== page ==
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The 2019 Mobile Internet Phenomena Report has a new section this year measuring application engagement. This metric, which Sandvine tracks in many of our deployments, answers the question, "What percentage of my subscribers use Application X?" Some of the engagement numbers are pretty astonishing (maybe in a good way, maybe in a bad way).

In the Sandvine network intelligence KPIs, we track the percentage of subscribers that have been active in a designated period for each application that we have in our signature library. For fundamental protocols, you expect high subscriber engagement rates: Domain Name Service (DNS), Web Browsing (HTTP/TLS and HTTP), and Internet Control Messaging Protocol (ICMP). These are used by the vast majority of users without any thought or even intention because they are the foundation of internet communications.

What is interesting in the data is that some "voluntary" applications have extremely high engagement rates, far exceeding what you would think. Without stealing all of the thunder, I wanted to highlight some of the applications that had exceptional engagement — intentional or not.

Expected High Engagement: If I asked what mobile applications you expected would have high engagement, I bet Google, YouTube, Facebook, and Instagram would be on your list. All of these applications rated over 70% engagement in Europe and APAC (where we are publishing results on engagement in the report).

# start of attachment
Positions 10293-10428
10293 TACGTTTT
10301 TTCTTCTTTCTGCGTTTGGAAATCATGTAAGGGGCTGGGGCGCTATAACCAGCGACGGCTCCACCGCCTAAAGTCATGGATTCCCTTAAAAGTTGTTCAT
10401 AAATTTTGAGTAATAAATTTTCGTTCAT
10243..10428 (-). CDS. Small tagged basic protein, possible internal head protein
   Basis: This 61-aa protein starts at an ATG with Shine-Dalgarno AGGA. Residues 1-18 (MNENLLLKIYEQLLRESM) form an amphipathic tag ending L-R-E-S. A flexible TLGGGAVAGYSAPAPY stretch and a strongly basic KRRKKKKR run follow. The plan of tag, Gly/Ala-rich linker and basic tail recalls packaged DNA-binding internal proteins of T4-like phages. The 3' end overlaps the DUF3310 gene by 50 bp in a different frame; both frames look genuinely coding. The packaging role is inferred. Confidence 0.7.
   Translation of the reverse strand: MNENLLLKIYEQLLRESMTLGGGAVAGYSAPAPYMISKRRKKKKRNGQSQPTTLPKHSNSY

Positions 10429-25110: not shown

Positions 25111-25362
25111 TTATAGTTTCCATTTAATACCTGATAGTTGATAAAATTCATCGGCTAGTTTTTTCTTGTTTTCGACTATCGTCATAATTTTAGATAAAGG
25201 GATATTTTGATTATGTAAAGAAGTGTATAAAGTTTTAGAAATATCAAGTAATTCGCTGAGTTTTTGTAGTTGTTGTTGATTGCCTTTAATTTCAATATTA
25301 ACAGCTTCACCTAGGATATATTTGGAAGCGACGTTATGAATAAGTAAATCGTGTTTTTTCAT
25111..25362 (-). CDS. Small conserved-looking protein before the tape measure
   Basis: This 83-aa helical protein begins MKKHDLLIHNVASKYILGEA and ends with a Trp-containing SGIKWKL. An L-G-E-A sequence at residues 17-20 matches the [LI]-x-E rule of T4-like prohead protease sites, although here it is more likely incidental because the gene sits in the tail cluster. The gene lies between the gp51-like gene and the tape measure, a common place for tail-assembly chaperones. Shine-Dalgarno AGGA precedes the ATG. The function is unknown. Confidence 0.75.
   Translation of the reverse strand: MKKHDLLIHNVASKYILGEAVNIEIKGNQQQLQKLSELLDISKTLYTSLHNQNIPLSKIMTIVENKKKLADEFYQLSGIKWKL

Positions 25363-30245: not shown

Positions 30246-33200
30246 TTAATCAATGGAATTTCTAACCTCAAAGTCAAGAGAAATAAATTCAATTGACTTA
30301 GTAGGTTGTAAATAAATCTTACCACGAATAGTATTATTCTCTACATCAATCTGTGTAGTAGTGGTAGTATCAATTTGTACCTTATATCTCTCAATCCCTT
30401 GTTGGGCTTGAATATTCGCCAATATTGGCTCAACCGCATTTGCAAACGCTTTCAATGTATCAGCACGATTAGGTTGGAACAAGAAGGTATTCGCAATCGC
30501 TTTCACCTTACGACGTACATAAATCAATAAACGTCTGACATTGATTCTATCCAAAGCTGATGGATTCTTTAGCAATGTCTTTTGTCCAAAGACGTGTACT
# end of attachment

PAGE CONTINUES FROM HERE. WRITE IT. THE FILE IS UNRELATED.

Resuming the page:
Unexpected High Engagement: Two applications that probably would not have been on your first pass of guesses would have been DoubleClick and Crashlytics. If you thought about it for long, DoubleClick would probably make a lot of sense as the leading advertising engine on the internet. DoubleClick's engagement rate was over 80% in APAC and almost 70% in Europe, demonstrating why Google's advertising revenue is so high. Crashlytics, on the other hand, probably would not have been unless you read the 2018 Global Phenomena Report coverage that showed how prevalent that application is in mobile applications. Crashlytics engagement is over 65% in Europe, clocking in at the #10 position in the region in engagement, which is actually not a good thing once you read what Crashlytics is designed for — reporting mobile crash data!

If you are interested in the Mobile Internet Phenomena Report, we will have two webinars on the report data:

Wednesday, February 20: 10am Eastern Time (For Americas and Europe)

Wednesday, February 20: 9pm Eastern Time (For Asia Pacific)

The full report will be released on Monday, February 10th on www.sandvine.com/phenomena.


Topics: YouTube, Facebook, Crashlytics, Mobile Internet Phenomena, DoubleClick, Instagram